Every few years, for reasons no has explored, women playwrights find a less chilly reception than we have usually encountered in the theatre. Such a blissful period, in the eighties, ushered in my first plays, and now another blessed moment gives me a chance to submit one of those first plays to a short play festival in New York.
The best thing about being a newbie in the business of theatre is that everything seemed possible. No one was talking, yet, about the need to keep the cast size under four, to use only one, minimal set, and to imitate as far as possible—and of course this was never said—whatever had succeeded off-Broadway the previous season, which usually means a play about a family with a screaming mother.
When I wrote Couvade, which you can read on this post, I was noticing that suddenly “we” were pregnant—the presumptive father as well as the mother, somehow sharing the experience which, as I remembered it, is utterly unsharable. Perhaps like death…
Imagining what it would be like for a man to be, literally, pregnant, I wrote Couvade. The title comes from an ancient practice in Polynesia; when a woman there went into labor, the man involved went into labor, too, with all the same groans and screams.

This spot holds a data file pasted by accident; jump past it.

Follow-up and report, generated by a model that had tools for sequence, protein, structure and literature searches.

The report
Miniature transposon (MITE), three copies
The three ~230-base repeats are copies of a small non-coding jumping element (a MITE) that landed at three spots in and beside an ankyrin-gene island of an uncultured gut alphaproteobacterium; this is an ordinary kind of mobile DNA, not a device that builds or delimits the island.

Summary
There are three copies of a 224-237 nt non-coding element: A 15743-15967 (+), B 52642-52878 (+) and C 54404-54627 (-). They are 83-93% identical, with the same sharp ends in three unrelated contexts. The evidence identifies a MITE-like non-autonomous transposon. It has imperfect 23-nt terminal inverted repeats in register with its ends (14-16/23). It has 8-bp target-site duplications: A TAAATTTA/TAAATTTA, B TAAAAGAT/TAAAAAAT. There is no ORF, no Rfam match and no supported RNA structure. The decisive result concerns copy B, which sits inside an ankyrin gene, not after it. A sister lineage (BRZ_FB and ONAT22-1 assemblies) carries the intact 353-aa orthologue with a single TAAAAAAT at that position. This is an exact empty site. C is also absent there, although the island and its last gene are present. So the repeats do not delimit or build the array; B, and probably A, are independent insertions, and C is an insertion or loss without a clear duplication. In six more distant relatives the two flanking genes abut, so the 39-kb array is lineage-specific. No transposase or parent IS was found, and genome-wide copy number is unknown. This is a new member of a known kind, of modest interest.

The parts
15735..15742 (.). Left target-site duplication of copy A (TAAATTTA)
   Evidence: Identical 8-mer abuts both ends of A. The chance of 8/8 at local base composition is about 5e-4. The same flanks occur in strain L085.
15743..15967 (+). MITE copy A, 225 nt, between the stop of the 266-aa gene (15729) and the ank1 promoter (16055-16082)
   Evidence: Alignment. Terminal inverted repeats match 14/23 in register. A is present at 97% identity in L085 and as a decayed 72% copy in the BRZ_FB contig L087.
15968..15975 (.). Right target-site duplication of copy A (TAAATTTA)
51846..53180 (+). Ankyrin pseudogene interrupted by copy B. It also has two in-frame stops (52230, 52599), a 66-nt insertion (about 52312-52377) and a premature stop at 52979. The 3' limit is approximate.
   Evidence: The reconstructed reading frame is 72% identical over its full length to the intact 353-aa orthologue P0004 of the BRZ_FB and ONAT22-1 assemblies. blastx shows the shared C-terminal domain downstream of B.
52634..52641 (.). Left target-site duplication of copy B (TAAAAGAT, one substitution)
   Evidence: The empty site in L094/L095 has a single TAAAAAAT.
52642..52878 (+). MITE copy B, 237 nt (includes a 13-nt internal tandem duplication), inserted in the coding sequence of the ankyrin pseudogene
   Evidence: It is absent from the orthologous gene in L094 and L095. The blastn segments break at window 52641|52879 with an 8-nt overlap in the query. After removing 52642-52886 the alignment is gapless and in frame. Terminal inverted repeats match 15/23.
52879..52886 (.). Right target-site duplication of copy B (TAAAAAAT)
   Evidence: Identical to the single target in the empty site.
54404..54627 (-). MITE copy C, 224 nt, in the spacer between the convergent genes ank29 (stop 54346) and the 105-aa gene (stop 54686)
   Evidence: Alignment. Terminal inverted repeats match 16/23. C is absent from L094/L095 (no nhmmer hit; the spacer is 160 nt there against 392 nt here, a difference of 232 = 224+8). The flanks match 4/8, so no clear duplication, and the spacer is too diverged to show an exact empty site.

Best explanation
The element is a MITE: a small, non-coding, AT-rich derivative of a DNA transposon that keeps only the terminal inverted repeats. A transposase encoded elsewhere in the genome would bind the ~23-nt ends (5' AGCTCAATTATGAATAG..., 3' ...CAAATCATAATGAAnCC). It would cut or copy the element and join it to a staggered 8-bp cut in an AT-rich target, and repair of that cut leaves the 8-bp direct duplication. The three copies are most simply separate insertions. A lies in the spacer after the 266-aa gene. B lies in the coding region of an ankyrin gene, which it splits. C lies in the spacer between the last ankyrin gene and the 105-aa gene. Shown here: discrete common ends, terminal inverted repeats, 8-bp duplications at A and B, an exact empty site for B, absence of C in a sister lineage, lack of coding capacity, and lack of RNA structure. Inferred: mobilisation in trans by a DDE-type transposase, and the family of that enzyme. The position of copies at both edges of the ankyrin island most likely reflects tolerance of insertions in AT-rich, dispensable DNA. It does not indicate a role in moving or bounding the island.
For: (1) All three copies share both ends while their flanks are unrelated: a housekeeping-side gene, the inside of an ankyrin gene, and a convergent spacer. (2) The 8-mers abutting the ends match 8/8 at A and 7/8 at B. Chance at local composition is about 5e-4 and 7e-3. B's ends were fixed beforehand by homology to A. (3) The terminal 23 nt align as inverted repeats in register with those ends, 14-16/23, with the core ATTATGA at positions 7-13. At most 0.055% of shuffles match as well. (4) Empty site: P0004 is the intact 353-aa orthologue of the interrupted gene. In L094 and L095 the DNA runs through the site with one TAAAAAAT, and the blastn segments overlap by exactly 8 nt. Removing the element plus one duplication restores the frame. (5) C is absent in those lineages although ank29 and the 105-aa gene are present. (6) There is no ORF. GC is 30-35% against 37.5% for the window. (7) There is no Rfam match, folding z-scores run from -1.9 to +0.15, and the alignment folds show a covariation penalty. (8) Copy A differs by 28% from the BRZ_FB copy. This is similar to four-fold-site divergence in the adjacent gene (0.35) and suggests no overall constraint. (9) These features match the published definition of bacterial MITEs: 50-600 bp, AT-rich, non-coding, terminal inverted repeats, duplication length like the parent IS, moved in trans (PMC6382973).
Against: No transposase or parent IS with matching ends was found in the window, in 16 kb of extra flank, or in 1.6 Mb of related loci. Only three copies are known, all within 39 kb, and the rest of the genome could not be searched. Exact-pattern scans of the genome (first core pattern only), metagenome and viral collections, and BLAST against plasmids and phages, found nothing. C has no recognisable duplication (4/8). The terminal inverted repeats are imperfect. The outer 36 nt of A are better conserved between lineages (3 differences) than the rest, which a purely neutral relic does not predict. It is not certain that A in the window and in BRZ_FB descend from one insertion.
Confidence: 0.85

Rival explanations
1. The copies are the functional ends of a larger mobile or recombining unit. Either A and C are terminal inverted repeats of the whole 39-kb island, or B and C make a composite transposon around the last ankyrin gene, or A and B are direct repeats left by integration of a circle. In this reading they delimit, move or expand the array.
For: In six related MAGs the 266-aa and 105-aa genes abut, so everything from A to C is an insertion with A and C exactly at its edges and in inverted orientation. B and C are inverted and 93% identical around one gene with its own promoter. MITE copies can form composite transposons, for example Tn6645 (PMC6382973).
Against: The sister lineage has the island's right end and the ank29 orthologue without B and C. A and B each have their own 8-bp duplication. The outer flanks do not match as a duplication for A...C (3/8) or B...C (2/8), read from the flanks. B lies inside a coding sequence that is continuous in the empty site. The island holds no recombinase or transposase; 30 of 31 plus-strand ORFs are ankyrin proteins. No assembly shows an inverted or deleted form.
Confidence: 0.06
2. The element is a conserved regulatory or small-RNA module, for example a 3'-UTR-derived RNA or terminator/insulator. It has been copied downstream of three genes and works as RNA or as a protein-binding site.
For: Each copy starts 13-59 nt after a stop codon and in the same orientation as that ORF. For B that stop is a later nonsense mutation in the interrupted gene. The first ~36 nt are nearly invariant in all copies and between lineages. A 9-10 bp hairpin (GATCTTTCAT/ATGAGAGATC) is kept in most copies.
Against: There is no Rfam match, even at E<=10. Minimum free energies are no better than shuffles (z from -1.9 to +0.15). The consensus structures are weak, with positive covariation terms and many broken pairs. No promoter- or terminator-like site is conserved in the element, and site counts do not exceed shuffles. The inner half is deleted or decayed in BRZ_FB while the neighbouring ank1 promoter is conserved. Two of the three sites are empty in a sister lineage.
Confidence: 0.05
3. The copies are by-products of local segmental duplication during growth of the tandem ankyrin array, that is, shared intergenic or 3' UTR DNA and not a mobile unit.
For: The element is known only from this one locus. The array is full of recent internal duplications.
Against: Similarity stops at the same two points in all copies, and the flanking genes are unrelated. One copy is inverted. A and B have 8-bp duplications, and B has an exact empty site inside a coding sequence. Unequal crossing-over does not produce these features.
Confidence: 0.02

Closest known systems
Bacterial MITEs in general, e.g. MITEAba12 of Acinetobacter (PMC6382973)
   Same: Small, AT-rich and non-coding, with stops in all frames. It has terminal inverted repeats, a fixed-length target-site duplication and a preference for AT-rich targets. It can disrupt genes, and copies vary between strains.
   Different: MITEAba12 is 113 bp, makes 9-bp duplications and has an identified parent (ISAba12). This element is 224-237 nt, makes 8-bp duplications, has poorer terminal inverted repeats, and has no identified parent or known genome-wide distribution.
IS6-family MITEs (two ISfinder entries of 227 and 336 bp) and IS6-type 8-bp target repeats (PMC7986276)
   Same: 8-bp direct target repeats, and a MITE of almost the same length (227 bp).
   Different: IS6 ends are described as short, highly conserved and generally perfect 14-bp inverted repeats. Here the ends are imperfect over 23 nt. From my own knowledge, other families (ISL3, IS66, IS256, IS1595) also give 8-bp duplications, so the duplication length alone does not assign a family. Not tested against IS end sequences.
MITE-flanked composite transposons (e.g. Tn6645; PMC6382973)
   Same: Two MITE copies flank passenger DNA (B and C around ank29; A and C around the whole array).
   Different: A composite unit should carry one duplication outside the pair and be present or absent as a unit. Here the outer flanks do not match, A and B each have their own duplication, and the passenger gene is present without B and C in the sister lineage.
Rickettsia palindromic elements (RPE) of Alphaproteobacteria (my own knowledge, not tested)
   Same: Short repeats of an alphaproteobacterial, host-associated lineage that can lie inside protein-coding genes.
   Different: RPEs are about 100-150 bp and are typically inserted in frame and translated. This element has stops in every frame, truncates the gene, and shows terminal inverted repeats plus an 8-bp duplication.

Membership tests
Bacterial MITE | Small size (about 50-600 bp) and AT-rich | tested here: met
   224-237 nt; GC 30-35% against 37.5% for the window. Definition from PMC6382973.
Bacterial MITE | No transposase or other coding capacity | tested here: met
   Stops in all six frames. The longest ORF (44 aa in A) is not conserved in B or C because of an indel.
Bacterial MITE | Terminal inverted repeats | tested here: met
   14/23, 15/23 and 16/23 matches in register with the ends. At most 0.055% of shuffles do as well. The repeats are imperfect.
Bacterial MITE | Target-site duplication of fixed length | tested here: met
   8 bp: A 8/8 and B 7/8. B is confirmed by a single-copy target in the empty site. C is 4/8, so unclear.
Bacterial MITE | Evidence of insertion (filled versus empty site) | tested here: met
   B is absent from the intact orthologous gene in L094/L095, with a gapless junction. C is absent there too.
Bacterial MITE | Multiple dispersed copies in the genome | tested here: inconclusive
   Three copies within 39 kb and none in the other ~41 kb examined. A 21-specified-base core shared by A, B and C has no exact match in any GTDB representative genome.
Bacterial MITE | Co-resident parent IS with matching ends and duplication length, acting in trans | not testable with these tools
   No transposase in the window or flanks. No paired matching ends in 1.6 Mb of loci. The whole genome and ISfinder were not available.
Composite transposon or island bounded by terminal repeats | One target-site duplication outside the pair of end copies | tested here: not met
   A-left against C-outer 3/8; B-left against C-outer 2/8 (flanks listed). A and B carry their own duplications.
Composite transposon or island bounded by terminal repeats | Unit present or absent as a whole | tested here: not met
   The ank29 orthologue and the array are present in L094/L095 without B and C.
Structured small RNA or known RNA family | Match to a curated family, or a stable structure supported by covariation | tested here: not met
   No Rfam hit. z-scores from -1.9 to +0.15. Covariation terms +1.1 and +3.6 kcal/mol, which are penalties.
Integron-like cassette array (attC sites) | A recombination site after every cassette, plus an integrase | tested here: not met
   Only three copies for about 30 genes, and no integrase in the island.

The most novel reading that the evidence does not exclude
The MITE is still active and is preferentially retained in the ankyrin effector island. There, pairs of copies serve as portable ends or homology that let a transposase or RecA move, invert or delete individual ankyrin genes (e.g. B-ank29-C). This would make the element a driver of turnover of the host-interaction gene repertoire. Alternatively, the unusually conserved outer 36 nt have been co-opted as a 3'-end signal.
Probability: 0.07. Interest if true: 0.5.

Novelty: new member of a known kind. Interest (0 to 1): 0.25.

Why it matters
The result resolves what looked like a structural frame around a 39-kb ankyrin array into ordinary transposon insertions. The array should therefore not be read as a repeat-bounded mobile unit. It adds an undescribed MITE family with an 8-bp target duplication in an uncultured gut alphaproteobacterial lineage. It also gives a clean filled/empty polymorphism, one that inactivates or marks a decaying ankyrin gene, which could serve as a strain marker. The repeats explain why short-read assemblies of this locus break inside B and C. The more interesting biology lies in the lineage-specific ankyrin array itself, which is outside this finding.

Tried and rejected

But men don’t ordinarily groan and scream, except perhaps in combat, and so the whole idea of a man would be, for the duration of his labor, wrenched apart.
Couvade was performed at Actors Theatre in Louisville, Kentucky, as part of a short-lived series of plays by women. In my perhaps glorified memory, they were all brilliant. And, almost as certainly, only one of them ever reappeared again on the stage.
But Couvade may live again, and in that case, you will have been among the first to read it.
Read the original 1983 New York Times review of Couvade and other plays performed in “83 Shorts.”